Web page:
In 1868 I had been so much broken down on going to the Alps that even amongst them I found it difficult to recover energy. In 1869, however, after a severe discipline in bathing and climbing,[29] my weariness disappeared, and before I attacked the Aletschhorn I felt that my restoration was ensured. In my subsequent rambles it was a great[315] delight and refreshment to me, whenever I felt heated, to choose a bubbling pool in some mountain stream, roll myself in it, and afterwards dance myself dry in the sunshine. Each morning I had a tub in a rivulet, a header in a lake, or a douche under a cascade. The best of these was half a mile or more from the hotel, but there was an inferior waterfall close at hand to which I resorted when time was short. On a bright morning towards the end of August 1869 I was returning from this cascade to my clothes, which were about twenty yards off. They might have been reached by walking on the grass, but I chose to walk on some slippery blocks of gneiss, and using no caution I staggered and fell. My shin was urged with great force against the sharp crystals, which inflicted three ugly wounds; but I sponged the blood away, wrapped a cold bandage round the injured place, and limped to the hotel. I was quite disabled, but felt sure of speedy recovery, my health was so strong.

For four or five days I remained quietly in bed. The wound had become entirely painless; there was hardly any inflammation and no pus. I felt so well that I thought a little exercise would do me less harm than good. I abandoned my cold bandage and went out. That night inflammation set in, pus appeared, and in trying to dislodge it I poisoned the wound. It became worse and worse;[316] erysipelas set in, and at last it became evident that I might lose my foot or something more important. After remaining nearly a fortnight at the Bel Alp without medical advice I resolved to go to Geneva. I wrote accordingly to my friend Professor De la Rive, with the view of securing the services of an able surgeon. I was carried down to Brieg on a kind of bier, and midway on the mountain-slope had the good fortune to meet Mr. Ellis of Sloane Street. He examined my wound, and I have good reason to feel grateful to him for his extreme kindness and his excellent advice. My friend Soret met me at the railway station, and Dr. Gauthier was at my side a few seconds after I entered my hotel.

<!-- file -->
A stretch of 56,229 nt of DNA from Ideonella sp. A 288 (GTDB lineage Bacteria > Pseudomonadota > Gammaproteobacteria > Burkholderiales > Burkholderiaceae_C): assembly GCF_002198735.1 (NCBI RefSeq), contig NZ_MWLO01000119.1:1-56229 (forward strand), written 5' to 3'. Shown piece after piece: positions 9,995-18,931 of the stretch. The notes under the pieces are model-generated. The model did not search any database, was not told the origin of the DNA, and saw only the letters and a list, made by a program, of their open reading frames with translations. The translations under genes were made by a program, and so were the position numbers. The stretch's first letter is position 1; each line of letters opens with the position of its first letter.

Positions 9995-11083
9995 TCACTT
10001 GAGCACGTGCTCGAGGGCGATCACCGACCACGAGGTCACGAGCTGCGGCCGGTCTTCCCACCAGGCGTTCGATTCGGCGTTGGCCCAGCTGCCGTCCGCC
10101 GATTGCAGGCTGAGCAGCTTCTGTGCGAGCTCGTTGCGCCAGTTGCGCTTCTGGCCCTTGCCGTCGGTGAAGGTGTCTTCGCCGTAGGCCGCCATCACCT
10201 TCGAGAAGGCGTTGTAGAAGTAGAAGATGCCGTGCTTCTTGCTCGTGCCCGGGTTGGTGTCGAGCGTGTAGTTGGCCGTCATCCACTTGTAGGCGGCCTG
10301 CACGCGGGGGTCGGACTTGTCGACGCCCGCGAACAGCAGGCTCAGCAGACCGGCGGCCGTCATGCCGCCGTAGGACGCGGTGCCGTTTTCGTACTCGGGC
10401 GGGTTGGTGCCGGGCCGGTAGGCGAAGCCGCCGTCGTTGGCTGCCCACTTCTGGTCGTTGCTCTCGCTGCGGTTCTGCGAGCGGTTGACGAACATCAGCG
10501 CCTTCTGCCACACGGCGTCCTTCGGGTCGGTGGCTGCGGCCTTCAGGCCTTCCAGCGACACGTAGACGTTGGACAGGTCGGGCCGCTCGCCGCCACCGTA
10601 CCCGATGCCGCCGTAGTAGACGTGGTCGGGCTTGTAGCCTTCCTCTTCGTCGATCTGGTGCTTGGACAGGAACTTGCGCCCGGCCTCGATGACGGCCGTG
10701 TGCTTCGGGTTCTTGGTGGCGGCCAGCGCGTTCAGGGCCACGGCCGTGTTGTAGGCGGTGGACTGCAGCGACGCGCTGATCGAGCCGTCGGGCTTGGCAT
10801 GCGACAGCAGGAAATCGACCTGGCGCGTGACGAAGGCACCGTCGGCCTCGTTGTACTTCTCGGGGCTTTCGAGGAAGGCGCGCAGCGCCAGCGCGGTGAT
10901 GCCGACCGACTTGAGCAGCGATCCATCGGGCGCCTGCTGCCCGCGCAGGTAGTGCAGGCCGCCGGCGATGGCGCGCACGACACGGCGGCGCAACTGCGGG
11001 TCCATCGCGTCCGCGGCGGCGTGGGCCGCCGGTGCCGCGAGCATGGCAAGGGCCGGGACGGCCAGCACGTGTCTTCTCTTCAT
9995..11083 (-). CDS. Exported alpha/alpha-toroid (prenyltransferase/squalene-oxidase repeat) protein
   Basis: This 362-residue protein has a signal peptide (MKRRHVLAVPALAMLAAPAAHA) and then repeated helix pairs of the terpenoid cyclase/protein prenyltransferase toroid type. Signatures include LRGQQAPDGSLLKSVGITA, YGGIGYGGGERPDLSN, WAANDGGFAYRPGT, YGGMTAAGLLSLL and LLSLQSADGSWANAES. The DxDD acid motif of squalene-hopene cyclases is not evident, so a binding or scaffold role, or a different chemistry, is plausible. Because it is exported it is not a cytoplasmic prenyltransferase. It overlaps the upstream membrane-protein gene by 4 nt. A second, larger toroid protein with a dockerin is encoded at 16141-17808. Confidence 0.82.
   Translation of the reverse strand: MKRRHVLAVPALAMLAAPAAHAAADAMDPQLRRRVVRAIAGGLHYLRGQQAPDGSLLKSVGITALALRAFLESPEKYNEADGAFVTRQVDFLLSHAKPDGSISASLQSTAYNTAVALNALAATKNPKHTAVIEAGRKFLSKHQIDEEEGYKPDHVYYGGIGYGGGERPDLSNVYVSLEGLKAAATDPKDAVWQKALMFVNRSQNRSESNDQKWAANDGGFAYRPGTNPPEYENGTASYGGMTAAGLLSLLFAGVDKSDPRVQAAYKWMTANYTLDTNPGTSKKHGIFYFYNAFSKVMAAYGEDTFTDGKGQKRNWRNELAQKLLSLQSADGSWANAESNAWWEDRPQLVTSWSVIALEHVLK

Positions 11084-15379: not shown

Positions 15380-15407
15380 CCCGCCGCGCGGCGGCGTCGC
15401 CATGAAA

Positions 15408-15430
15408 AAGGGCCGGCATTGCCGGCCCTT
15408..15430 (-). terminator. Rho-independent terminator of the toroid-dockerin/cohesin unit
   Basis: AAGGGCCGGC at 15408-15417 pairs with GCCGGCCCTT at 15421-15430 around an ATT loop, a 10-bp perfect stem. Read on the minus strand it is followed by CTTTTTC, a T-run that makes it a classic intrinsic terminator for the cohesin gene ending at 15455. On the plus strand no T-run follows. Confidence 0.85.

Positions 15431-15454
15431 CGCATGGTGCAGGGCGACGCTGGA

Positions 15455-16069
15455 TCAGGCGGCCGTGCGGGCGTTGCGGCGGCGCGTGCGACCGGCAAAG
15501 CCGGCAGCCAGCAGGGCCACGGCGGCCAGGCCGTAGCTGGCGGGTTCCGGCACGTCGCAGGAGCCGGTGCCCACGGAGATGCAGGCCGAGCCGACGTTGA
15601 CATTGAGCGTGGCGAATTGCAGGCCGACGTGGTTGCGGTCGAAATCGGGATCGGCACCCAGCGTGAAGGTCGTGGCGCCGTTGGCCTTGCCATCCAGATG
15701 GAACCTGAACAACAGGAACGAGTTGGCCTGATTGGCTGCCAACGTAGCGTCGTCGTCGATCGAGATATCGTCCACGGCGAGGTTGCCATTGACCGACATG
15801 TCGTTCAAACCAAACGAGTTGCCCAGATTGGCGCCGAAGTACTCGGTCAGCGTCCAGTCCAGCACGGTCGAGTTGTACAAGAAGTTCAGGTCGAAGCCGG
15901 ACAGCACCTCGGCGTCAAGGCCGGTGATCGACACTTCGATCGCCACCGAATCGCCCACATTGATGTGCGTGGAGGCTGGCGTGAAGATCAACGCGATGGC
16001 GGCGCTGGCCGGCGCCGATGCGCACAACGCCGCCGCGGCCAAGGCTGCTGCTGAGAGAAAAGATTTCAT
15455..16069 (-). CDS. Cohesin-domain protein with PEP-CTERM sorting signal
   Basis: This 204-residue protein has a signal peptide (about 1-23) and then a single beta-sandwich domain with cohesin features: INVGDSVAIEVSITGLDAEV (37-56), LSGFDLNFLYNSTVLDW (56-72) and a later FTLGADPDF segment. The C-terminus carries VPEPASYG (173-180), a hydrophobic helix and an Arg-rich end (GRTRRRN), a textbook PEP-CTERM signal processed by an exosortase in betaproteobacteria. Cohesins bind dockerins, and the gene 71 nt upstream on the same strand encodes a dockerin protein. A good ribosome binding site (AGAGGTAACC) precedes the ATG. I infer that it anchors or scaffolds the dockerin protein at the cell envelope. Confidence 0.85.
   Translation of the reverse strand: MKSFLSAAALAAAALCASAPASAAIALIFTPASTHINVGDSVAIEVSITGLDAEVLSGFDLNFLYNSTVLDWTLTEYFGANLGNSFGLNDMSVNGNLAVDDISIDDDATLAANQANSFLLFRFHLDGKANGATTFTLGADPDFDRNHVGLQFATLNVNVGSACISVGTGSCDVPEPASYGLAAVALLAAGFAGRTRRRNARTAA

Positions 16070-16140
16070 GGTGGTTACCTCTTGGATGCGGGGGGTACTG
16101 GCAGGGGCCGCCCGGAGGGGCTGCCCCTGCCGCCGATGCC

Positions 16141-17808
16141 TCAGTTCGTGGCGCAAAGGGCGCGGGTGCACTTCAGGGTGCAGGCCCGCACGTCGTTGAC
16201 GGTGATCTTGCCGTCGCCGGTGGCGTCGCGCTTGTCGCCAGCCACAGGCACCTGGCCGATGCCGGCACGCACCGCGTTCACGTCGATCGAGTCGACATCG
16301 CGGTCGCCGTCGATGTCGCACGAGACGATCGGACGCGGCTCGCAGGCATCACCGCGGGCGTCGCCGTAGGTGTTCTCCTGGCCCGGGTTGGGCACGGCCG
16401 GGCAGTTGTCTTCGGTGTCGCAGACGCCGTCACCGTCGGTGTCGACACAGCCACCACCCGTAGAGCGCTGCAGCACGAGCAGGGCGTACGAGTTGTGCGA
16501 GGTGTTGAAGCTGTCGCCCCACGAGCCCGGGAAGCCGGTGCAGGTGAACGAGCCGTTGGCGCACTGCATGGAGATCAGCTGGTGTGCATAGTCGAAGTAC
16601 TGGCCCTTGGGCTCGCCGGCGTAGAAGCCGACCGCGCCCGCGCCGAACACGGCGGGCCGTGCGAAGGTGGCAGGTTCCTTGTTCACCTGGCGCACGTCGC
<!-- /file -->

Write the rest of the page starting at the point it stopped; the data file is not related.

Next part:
But, despite all the care, kindness, and real skill bestowed upon me, I was a month in bed at Geneva. A sinus about five inches long had worked its channel from the wound down to the instep, which was undermined by an abscess. This Dr. Gauthier discovered and by assiduous attention cured. In her beautiful residence at Lammermor, on the margin of Lake Leman, Lady Emily Peel had a bed erected for me as soon as I was able to go there, and it was under her roof that the last traces of the sinus disappeared. I was so emaciated, however, that it required several months to restore the flesh and the strength that this paltry accident cost me.